Farmhouse Style EXTRA


Timeless Treasures

Heirloom vegetables are easy to grow, delicious to eat, and they're making a comeback in farmhouse gardens. Learn all about them and discover six of our favorite heirlooms.

Written by Lynn Coulter.


Timeless Treasures

Not all heirlooms are pocket watches or antique desks. Old vegetable varieties count as heirlooms, too, when their seeds are handed down from one generation of gardeners to another, or when the stories behind them connect us to the past.

Today, an increasing number of gardeners are growing heirloom tomatoes, beans, cucumbers, peppers and other old-timey produce. Lee Buttala of Seed Savers Exchange believes heirloom plants are trending because people want to be more self-reliant and know where their foods come from.

Heirlooms also help keep our food crops diverse, and saving seeds is economical, but it's more than that. "We're taking [seeds] from the past, using them in the present, and storing them into the future." Buttala says. "We're looking for things that make us feel like we're doing something restorative and good."

Matthew Hoffman, co-owner of The Living Seed Company, notes that varieties that have been around for at least 50 years are usually considered heirlooms, and they're open pollinated. That means you can save their seeds, and they'll grow true-to-type [or produce plants that look like the parent].

In addition to healthier plants, growing heirloom vegetables can be fun, especially when discovering their fascinating stories. "Some feel like fables," Buttala says. "Like the story about a farmer's wife who dressed a goose for dinner and found beans in its craw. The family grew them out, and now they're known as ‘Mostoller Wild Goose' beans."

Growing heirlooms isn't hard, says Kathy McFarland of Baker Creek Heirloom Seeds. "They don't need anything that hybrids don't. The most important thing is to look at your [USDA plant hardiness] zone and pick a variety that grows well there."

Buttala agrees: "Some people say hybrids are more vigorous, but if there's a problem, maybe you need a different variety. Look over the fence and see what your neighbor's growing successfully."

Chris Smith of Sow True Seed suggests, "Be prepared to celebrate differences and nuances in heirloom varieties. Some gnarly, ugly tomatoes end up being the best tasting!"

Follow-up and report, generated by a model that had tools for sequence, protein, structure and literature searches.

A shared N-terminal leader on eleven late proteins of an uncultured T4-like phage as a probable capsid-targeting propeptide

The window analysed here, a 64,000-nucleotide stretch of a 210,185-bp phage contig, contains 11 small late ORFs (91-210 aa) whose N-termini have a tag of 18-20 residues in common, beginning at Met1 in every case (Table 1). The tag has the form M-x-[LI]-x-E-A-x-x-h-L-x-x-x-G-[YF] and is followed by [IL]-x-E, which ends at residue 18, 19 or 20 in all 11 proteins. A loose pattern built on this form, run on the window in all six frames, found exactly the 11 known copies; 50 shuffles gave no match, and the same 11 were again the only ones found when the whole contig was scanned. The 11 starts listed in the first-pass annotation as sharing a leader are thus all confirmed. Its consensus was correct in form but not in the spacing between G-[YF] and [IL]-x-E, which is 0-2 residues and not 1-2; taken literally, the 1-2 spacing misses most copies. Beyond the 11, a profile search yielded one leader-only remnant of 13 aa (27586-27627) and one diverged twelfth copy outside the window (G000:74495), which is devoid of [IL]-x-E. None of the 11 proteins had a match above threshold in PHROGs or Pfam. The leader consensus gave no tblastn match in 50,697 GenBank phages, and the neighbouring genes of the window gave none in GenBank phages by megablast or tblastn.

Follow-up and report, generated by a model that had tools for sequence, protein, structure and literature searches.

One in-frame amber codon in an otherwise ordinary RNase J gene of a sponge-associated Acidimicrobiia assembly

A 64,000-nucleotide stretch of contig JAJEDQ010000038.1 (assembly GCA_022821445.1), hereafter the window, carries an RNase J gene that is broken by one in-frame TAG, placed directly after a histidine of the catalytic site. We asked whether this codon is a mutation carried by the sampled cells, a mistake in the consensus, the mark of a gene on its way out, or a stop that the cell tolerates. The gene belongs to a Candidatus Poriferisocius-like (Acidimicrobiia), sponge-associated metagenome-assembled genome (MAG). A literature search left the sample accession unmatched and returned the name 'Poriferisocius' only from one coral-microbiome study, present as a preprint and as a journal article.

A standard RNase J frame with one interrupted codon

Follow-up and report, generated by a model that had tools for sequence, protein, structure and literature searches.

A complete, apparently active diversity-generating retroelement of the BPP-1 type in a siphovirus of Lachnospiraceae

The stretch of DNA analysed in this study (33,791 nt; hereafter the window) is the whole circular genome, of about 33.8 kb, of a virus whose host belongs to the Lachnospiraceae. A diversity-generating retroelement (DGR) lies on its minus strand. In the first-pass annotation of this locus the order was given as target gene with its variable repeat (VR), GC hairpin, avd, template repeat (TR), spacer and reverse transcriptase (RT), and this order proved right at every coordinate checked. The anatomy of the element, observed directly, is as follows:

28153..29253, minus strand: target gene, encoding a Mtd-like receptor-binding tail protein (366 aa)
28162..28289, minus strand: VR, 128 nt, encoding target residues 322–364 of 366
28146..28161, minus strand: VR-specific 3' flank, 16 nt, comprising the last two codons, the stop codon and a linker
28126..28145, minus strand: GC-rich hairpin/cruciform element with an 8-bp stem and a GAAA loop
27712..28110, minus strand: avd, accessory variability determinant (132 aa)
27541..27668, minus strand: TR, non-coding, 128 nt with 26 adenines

Heirloom veggies are delicious and nutritious, and as Buttala says, "Seeds and food bring everyone to a common table." Saving your seeds, Hoffman adds, is "a beautiful way to connect more deeply to your garden. Maybe you'll even discover one of your own heirlooms. You never know what kind of treasure you might find."

Seeds image photographed by Kristen Early; courtesy of Johnny's Selected Seeds.

6 Heirloom Vegetables to Try in Your Garden

• Cherokee Purple, a purplish-pink heirloom tomato from the Cherokee Indians. "It's juicy and delicious, mainly for eating fresh, but you can can it," says Sow True Seed's Chris Smith. He also likes chunky, flavorful "Zapotec Pleated" tomatoes. "I haven't confirmed it, but the seed donor said it's one of the oldest heirloom tomatoes, with a link back to Central American breeding stock."

• Bradford watermelons from the 1850s. "It's an incredible-tasting watermelon thought lost for many years," Smith says. "Along with this reintroduction came many of the cultural uses of watermelons, like watermelon molasses and watermelon rind pickles."

• Dr. Wyche, a yellow tomato. "Dr. Wyche owned a circus, and it's said he grew this luscious tomato on elephant dung," explains Lee Buttala of Seed Savers Exchange.

• Boothby's Blonde, a light-skinned cucumber. Matthew Hoffman of The Living Seed Company recommends it for eating fresh, to enjoy its delicate, refreshing flavor.

• Whipple beans, heirlooms from Oregon. Hoffman soaks the speckled, dark maroon beans overnight and then cooks them until they thicken. He seasons them with sautéed garlic, onions and cumin to make baked beans.

• Andy's Polish Pink, a family heirloom tomato from Poland. Hoffman suggests slicing it for eating fresh or making it into paste. "It's not too juicy, and it tastes like summer."

Tomatoes photograph from Heirloom Vegetable Gardening: A Master Gardener's Guide to Planting, Seed Saving, and Cultural History.

Annie's Heirloom Seeds,
Baker Creek Heirloom Seeds,
W. Atlee Burpee Company,
Johnny's Selected Seeds,
The Living Seed Company,
Seed Savers Exchange,
Sow True Seed,
Territorial Seed Company,

Heirloom Vegetable Gardening: A Master Gardener's Guide to Planting, Seed Saving, and Cultural History by William Woys Weaver, 2018, Voyageur Press:

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